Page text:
Mumps outbreak hits National Hockey League players
An outbreak of mumps has swept through teams in the National Hockey League (NHL).
The first confirmed cases were three players in the Anaheim Ducks, and since then at least four more teams have been affected.
Ice hockey's top player, Pittsburgh Penguins' captain Sidney Crosby, has missed three games and is still not cleared to play.
The highly contagious disease is usually found in children.
The NHL is composed of 30 member teams from both the US and Canada.
On Tuesday, Penguins forward Beau Bennett was diagnosed with mumps, bringing the total number of players affected to 15.
Meanwhile, Marc-Andre Fleury, Robert Bortuzzo and Olli Maatta were being tested as a precaution, team officials said.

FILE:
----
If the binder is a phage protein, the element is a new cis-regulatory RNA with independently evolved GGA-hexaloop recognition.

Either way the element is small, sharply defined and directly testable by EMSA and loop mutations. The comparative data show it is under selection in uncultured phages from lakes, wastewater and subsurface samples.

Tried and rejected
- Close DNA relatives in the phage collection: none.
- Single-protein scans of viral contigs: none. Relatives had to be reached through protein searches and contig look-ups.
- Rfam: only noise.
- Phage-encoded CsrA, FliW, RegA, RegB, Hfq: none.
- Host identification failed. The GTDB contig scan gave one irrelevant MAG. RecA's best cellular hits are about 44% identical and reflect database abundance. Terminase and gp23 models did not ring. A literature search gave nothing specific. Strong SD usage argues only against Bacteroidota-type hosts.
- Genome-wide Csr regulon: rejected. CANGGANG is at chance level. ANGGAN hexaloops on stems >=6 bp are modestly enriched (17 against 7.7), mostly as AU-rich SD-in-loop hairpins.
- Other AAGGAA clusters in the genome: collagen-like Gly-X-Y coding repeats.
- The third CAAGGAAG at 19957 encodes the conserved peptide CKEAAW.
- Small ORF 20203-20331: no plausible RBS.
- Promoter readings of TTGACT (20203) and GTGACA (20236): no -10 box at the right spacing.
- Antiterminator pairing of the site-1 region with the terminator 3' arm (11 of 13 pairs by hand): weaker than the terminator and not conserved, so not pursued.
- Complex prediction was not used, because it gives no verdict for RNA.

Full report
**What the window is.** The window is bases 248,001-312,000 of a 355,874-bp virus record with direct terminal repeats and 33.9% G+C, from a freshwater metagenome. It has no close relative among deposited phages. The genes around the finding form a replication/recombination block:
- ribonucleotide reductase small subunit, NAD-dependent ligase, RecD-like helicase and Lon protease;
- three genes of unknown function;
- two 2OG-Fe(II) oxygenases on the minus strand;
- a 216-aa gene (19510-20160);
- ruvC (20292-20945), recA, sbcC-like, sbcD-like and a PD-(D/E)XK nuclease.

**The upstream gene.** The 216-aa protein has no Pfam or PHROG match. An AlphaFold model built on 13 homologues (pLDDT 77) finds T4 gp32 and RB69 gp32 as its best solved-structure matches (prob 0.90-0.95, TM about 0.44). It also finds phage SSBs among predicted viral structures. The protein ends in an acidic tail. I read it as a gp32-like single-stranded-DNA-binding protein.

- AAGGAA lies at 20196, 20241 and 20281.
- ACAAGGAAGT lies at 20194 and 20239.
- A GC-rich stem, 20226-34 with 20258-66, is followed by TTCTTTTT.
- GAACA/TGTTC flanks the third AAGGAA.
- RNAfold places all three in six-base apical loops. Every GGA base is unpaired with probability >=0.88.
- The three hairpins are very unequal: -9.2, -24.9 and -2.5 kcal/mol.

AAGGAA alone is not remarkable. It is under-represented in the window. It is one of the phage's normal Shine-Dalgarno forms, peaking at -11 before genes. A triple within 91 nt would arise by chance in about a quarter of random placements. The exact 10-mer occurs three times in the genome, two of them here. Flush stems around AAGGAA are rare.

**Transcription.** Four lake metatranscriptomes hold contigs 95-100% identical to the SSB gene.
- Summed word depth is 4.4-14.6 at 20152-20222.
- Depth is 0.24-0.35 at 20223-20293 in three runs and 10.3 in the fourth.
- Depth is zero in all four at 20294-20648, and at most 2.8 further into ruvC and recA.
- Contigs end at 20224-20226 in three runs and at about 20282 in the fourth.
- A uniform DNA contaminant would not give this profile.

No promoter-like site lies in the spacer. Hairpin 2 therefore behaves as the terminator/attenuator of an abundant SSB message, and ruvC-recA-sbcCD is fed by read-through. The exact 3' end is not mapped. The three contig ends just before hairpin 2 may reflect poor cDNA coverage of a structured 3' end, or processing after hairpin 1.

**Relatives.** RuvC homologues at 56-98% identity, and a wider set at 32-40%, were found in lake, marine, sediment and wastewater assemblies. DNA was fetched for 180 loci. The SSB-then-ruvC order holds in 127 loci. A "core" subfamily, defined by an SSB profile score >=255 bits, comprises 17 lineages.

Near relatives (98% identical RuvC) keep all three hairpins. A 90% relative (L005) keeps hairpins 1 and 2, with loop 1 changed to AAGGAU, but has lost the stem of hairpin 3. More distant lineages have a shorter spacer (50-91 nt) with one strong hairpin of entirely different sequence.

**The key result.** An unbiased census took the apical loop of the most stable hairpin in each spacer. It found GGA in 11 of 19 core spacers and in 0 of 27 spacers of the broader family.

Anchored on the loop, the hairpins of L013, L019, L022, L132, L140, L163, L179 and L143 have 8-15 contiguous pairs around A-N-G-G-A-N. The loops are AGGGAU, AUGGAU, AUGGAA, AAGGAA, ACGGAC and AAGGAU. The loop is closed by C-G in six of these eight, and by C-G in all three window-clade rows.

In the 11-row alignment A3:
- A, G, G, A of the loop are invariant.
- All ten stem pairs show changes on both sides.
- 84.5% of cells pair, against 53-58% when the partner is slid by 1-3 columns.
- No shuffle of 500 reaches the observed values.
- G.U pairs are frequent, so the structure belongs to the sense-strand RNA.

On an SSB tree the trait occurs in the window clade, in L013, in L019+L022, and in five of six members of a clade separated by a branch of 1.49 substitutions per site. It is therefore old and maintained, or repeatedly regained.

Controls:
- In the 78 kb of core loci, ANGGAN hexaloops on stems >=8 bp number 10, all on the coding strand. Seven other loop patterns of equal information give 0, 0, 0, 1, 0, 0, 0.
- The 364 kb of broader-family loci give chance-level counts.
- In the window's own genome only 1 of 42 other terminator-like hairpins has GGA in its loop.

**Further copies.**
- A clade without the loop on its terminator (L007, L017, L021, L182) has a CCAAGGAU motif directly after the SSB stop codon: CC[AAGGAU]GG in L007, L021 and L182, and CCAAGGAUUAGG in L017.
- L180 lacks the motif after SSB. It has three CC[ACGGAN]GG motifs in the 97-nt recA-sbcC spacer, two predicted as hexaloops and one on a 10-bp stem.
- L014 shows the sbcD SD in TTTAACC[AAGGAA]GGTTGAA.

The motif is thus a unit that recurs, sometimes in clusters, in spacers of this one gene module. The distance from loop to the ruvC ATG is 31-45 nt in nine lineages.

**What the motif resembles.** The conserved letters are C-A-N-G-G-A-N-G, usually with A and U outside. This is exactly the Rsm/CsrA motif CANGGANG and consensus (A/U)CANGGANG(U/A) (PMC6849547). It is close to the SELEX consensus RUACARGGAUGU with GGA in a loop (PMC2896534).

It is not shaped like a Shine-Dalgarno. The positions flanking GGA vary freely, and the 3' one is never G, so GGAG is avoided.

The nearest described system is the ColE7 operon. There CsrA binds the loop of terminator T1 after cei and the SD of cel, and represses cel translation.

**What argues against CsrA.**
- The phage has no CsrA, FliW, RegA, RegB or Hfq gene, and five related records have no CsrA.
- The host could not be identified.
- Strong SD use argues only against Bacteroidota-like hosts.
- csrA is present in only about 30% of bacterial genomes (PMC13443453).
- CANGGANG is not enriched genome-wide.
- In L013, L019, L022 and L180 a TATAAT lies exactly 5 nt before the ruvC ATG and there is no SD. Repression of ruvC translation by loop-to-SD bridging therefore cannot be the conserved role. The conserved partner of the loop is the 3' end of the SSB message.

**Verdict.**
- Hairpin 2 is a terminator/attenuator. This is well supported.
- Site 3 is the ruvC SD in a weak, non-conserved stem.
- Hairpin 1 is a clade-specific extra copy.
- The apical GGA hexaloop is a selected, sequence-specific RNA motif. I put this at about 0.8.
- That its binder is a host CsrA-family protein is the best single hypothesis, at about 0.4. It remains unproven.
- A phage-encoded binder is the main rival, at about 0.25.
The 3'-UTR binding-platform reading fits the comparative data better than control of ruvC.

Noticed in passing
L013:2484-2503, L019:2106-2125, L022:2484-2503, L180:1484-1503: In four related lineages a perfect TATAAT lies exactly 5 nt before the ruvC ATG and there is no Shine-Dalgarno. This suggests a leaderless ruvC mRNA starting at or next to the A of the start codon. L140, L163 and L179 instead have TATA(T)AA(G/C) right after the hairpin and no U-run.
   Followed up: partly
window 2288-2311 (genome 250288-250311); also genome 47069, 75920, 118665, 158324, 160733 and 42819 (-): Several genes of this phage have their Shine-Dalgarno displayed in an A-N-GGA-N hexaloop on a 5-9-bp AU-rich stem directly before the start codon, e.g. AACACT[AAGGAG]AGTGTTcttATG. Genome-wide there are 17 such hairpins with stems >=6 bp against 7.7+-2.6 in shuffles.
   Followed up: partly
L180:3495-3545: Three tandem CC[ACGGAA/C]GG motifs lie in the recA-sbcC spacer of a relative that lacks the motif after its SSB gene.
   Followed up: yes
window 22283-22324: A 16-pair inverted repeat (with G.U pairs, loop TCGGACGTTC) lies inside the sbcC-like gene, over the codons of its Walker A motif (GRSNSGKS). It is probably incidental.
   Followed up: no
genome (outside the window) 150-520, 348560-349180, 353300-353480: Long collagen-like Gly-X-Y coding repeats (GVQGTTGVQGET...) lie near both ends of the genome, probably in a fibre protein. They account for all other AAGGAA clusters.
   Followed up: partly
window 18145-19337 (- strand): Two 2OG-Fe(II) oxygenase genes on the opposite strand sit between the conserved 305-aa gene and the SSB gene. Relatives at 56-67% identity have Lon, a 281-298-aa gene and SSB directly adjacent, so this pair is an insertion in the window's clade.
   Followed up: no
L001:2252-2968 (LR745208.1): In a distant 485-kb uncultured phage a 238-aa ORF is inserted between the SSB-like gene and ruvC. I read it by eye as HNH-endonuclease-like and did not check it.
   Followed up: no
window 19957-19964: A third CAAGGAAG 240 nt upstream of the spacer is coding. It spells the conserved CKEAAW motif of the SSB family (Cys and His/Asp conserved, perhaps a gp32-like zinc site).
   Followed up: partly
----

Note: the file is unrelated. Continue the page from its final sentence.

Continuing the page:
"We have been sanitising the rooms and everything here for the last week," Penguins General Manager Jim Rutherford said.
Crosby, who is the NHL's Most Valuable Player, returned to the ice on Wednesday but only skated on his own before practice.
"He looked good on the ice," said Penguins coach Mike Johnston.
"It was a full skate. He worked on some extra conditioning drills."
Mumps is a viral infection of the saliva-producing glands found on either side of the face.
It is spread by coughs and sneezes and only rarely causes serious complications.
Correction: An earlier version of this story incorrectly stated that the NHL was composed only of teams from the US.